Around 30% of doctors in California are near
retirement, creating a shortage of doctors, and the state lawmakers want to
fill the gap with alternatives. They are said to be working on proposals by which
physician assistants could treat patients and nursing practioners to set up
independent practices. They felt Pharmacists and optometrists could
take up the job of primary care providers by diagnosing chronic ailments like
diabetes and high blood pressure.
The person leading this effort is State Sen. Ed
Hernandez who is an optometrist and Chairman of The Senate Health Committee. According to the Association of American Medical
Colleges, 16 of California's 58 counties have the required number of primary care
physicians; Inland Empire and San Joaquin Valley face the worst shortage. Added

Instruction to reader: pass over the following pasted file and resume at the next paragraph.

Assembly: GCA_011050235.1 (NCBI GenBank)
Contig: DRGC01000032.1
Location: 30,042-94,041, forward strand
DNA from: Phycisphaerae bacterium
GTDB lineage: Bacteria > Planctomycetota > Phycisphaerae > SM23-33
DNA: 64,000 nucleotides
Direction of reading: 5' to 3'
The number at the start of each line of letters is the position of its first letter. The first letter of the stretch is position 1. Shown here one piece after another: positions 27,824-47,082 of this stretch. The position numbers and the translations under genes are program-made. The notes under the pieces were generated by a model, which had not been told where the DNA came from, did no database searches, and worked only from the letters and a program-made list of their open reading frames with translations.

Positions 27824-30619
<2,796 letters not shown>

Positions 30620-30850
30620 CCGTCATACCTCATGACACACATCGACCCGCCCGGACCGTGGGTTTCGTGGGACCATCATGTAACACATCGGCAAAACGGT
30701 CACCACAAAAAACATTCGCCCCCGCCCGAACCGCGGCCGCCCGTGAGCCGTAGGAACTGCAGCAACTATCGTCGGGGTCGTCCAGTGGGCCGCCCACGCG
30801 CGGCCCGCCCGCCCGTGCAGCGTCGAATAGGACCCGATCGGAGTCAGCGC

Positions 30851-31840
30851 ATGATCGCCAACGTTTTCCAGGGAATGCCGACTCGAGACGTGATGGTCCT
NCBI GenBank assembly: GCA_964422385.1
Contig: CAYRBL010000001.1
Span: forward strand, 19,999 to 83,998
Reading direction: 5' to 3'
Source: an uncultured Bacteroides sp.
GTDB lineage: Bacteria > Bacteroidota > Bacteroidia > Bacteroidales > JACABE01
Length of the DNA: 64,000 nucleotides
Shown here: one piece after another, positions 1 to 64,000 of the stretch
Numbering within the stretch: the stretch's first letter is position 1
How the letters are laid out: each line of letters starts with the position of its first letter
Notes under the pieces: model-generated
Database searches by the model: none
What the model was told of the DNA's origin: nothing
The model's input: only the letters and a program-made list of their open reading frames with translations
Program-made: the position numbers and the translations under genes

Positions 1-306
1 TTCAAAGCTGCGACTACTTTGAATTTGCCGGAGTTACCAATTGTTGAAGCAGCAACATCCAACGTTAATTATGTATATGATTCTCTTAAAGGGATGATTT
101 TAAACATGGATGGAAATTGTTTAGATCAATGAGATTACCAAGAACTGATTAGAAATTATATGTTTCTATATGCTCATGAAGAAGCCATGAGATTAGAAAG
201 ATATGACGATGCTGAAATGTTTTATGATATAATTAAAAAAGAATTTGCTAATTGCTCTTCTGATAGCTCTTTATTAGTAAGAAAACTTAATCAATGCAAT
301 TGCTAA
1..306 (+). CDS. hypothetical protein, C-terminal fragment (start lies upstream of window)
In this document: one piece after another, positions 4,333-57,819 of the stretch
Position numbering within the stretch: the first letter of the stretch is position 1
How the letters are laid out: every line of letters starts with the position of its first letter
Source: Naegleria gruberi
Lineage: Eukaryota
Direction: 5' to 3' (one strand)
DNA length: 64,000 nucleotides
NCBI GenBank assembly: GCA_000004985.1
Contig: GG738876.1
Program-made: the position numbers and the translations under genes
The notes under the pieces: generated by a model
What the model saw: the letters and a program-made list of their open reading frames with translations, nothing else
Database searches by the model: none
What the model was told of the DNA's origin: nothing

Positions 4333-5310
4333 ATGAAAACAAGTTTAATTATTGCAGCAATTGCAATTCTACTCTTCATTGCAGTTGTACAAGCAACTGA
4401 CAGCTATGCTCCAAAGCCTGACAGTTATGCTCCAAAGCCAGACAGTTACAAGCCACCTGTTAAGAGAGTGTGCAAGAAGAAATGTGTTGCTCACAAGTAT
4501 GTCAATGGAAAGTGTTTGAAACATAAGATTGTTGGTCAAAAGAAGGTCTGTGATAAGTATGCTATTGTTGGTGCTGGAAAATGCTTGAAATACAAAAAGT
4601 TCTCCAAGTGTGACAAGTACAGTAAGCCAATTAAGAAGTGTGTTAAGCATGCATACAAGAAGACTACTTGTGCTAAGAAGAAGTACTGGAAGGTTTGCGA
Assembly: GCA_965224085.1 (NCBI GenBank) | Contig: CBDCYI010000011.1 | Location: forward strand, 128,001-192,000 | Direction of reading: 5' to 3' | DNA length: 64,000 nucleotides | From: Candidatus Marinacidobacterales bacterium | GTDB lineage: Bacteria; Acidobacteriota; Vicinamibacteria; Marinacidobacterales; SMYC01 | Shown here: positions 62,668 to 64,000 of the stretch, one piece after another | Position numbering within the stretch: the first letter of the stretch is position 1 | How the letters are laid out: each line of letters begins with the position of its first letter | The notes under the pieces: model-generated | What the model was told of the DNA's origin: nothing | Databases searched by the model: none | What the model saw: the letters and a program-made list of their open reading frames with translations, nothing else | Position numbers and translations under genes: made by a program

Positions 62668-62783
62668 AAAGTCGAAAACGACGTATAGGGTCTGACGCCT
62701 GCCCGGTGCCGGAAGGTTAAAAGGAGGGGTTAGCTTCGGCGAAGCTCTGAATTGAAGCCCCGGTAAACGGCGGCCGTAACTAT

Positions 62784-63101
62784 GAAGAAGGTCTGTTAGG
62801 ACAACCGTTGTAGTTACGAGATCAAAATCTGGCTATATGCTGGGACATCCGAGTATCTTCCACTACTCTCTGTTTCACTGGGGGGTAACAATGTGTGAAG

to which 30% of the states doctors are nearing retirement.
Doctors are totally against this effort as they feel non
physicians should not be allowed to exceed their training limitations, as also
with nursing practitioners , it could endanger patient safety. The costs would
rise as people with less medical training and experience tended to order more
tests and prescribe more antibiotics.
Although the Brown Administration was undecided,
secretary of the State Health and Human Services Agency, Diana Dooley said that
expanding some professional roles was an option that policy makers were
have got to change the overall delivery system. We can't succeed doing business
as usual," she said. "I don't think there's any stone that can be
left unturned. We have to look at every possible way to make the delivery of
care better for patients and less expensive."
Hannah Punitha (IRDA
Licence Number: 2710062)
Michael J. Mishak, Feb 11th